Research Article

A phage-encoded anti-CRISPR enables complete evasion of type VI-A CRISPR-Cas immunity

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Science  03 Jul 2020:
Vol. 369, Issue 6499, pp. 54-59
DOI: 10.1126/science.abb6151

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An infallible inhibitor of Cas13

CRISPR-Cas13 protects bacterial populations from viral infections by indiscriminately destroying the RNA of the cell and its invader, simultaneously arresting the growth of infected hosts and the spread of the virus. This response is mediated by the Cas13 nuclease, which unleashes massive RNA degradation after recognition of viral transcripts that are complementary to its guide RNA. Meeske et al. discovered AcrVIA1, a viral-encoded inhibitor that binds to Cas13 to occlude the RNA guide and prevent the activation of the nuclease (see the Perspective by Barrangou and Sontheimer). As opposed to inhibitors of DNA-cleaving CRISPR-Cas systems, which require multiple infections to neutralize all Cas nucleases of the host, production of AcrVIA1 by a single virus is sufficient to overcome the CRISPR-Cas13 response.

Science, this issue p. 54; see also p. 31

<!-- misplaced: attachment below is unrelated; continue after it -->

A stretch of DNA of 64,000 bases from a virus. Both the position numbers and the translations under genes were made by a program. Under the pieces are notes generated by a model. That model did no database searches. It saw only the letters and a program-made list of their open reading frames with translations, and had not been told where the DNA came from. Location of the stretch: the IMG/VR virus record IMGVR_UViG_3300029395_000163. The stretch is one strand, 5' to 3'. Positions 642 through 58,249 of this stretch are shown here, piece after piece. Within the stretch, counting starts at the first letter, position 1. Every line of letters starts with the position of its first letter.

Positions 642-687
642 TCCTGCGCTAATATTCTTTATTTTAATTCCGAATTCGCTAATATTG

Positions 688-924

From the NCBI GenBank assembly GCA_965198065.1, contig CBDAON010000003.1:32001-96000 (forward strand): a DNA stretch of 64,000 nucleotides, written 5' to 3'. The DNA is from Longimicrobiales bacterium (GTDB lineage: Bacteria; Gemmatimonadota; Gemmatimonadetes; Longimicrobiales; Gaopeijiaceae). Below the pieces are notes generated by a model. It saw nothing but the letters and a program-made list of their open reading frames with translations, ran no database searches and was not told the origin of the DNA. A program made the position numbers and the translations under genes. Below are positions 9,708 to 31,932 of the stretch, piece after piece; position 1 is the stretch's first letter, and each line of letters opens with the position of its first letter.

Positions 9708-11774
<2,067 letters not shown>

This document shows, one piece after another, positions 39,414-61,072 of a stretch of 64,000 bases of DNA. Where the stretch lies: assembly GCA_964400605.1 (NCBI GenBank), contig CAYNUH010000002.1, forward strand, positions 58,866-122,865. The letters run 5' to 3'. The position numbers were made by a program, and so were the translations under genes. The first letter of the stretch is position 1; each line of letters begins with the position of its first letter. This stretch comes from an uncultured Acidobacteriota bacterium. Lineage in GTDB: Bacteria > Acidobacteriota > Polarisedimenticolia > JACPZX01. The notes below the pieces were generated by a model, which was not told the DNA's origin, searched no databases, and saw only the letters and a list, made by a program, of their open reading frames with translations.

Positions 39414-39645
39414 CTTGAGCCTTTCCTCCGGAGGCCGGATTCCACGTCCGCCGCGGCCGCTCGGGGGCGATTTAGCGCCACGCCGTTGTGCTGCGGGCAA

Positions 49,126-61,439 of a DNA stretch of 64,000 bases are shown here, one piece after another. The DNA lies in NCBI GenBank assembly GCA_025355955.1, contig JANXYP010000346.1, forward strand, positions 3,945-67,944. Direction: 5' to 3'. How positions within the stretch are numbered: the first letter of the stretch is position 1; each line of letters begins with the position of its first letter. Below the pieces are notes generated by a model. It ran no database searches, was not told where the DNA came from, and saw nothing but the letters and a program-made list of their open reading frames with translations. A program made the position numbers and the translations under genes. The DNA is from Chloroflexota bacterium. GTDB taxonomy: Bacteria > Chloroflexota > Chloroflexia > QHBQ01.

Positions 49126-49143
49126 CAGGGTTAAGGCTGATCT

The CRISPR RNA (crRNA)–guided nuclease Cas13 recognizes complementary viral transcripts to trigger the degradation of both host and viral RNA during the type VI CRISPR-Cas antiviral response. However, how viruses can counteract this immunity is not known. We describe a listeriaphage (ϕLS46) encoding an anti-CRISPR protein (AcrVIA1) that inactivates the type VI-A CRISPR system of Listeria seeligeri. Using genetics, biochemistry, and structural biology, we found that AcrVIA1 interacts with the guide-exposed face of Cas13a, preventing access to the target RNA and the conformational changes required for nuclease activation. Unlike inhibitors of DNA-cleaving Cas nucleases, which cause limited immunosuppression and require multiple infections to bypass CRISPR defenses, a single dose of AcrVIA1 delivered by an individual virion completely dismantles type VI-A CRISPR-mediated immunity.

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